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Wednesday, 3 June 1987
Page: 3873


Mr ANDREW(12.11) —The honourable member for O'Connor (Mr Tuckey) and the honourable member for Murray (Mr Lloyd), with their years in various shadow ministries, have rightly expressed concern about whether the Aviation Training College ought to be located in Melbourne, Sydney or Canberra. As the only member of the Public Works Committee currently in the chamber I make an additional comment or two on the tabling of this report.

The Public Works Committee looked at the possibility of refurbishing Henty House in Melbourne and inspected Henty House. The Public Works Committee is concerned principally with the location of a Canberra site. However, the area of concern I most want to bring to the attention of the Government and the House is that the Public Works Committee, having visited both the Pialligo site and the Watson High School site, recommends in this report that we proceed with the Watson High School site. Our concern is that the cost of refurbishing the Watson High School site, excluding the simulator, is estimated to be $6.66m. No matter where the college is located the cost of the simulator building will be a constant $2.45m. That cost will apply whether the college is built at Pialligo or is located on the present Watson High School site. I was astonished and the Committee was concerned-I stress this on behalf of the Committee-that the cost of an all new building at Pialligo, including heavy footings necessary because of the flood prone nature of the site, without the simulator, was $8.75m; and the cost of refurbishing Watson High School is estimated to be $6.66m. The Public Works Committee recommendation and the Minister's recommendation to the House are based clearly on the Watson High site. But the simulator cost is constant. It is astonishing that we can spend $6.66m refurbishing an existing learning facility to continue to use it as a learning facility. One would imagine that the Watson High School site was an industrial site and that we were demolishing the buildings-totally dismantling them. In fact, Watson High is a modern cream brick education facility which any institution-a technical and further education institution, a civil aviation body or a high school-would be pleased to use.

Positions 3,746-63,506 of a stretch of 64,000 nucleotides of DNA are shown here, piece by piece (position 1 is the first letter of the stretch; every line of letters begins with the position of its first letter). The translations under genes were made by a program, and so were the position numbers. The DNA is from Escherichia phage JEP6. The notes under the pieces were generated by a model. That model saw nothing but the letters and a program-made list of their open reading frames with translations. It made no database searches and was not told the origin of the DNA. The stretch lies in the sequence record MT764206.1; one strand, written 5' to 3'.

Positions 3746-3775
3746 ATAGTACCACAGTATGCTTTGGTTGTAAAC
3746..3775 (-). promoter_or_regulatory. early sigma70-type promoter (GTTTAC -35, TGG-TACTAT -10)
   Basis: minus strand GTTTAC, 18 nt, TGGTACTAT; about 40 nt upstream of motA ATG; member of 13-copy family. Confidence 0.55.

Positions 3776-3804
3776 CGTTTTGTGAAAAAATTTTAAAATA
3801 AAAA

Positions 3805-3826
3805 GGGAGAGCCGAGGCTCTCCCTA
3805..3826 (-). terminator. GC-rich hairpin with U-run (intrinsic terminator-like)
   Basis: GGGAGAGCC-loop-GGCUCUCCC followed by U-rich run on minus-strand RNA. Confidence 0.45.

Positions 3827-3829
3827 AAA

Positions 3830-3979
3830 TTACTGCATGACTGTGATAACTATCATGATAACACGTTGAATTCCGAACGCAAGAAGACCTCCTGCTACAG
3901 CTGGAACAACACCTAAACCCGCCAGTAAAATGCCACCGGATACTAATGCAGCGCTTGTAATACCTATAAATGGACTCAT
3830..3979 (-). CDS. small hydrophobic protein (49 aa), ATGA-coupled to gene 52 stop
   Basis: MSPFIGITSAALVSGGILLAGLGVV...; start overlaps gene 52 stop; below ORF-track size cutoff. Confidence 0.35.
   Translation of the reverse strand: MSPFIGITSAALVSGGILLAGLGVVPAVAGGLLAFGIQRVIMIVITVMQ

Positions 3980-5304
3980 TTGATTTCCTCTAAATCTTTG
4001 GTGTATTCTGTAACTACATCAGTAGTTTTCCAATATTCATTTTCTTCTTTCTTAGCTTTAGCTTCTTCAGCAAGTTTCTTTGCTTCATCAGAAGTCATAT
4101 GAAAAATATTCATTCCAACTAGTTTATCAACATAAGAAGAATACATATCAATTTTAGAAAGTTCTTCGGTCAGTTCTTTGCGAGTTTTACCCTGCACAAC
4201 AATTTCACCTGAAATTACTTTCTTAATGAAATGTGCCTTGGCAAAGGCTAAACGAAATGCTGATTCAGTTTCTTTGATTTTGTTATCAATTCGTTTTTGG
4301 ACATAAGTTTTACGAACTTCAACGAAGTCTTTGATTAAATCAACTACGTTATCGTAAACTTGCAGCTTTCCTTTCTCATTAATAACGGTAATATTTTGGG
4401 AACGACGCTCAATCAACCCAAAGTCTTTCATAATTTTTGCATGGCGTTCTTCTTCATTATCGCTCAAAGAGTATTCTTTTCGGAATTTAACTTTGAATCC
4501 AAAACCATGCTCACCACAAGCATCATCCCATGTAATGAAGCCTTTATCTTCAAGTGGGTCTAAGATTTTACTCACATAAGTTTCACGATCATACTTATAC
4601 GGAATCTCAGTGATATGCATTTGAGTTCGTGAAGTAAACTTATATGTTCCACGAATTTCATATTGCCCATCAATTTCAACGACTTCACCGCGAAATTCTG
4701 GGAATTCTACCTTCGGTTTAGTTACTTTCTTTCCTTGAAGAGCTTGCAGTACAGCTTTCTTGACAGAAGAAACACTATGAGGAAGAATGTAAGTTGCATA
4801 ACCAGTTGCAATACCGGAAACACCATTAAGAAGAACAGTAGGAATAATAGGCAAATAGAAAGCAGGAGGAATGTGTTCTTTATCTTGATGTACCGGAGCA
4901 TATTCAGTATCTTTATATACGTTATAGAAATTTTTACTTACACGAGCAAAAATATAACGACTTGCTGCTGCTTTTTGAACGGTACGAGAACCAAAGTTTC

I have to request that the Department of Housing and Construction look again at the cost it has estimated for the refurbishing of Watson High School. I also request the Department of Aviation to consider again its demands for a training facility. I restate that there is an existing learning facility. It is difficult to imagine how $6.66m could be spent refurbishing a portion of it for an aviation training college. The Minister for Aviation (Mr Peter Morris) has said, using an analogy appropriate to the debate and appropriate to aviation, that the task of the Opposition had been in some way to thwart the intention of the Government and he constantly used the word `stall'. To take that analogy one step further, I say as a member of the Opposition that the economy of this nation is currently in a spin and what we need most is someone who is prepared to apply opposite rudder and push the stick forward. Continuing the analogy, we say we will continue to spin unless we prune government expenditure. Clearly we should question how the expenditure of $6.66m can be justified to create a learning facility out of an existing, modern and upgraded learning facility.

Question resolved in the affirmative.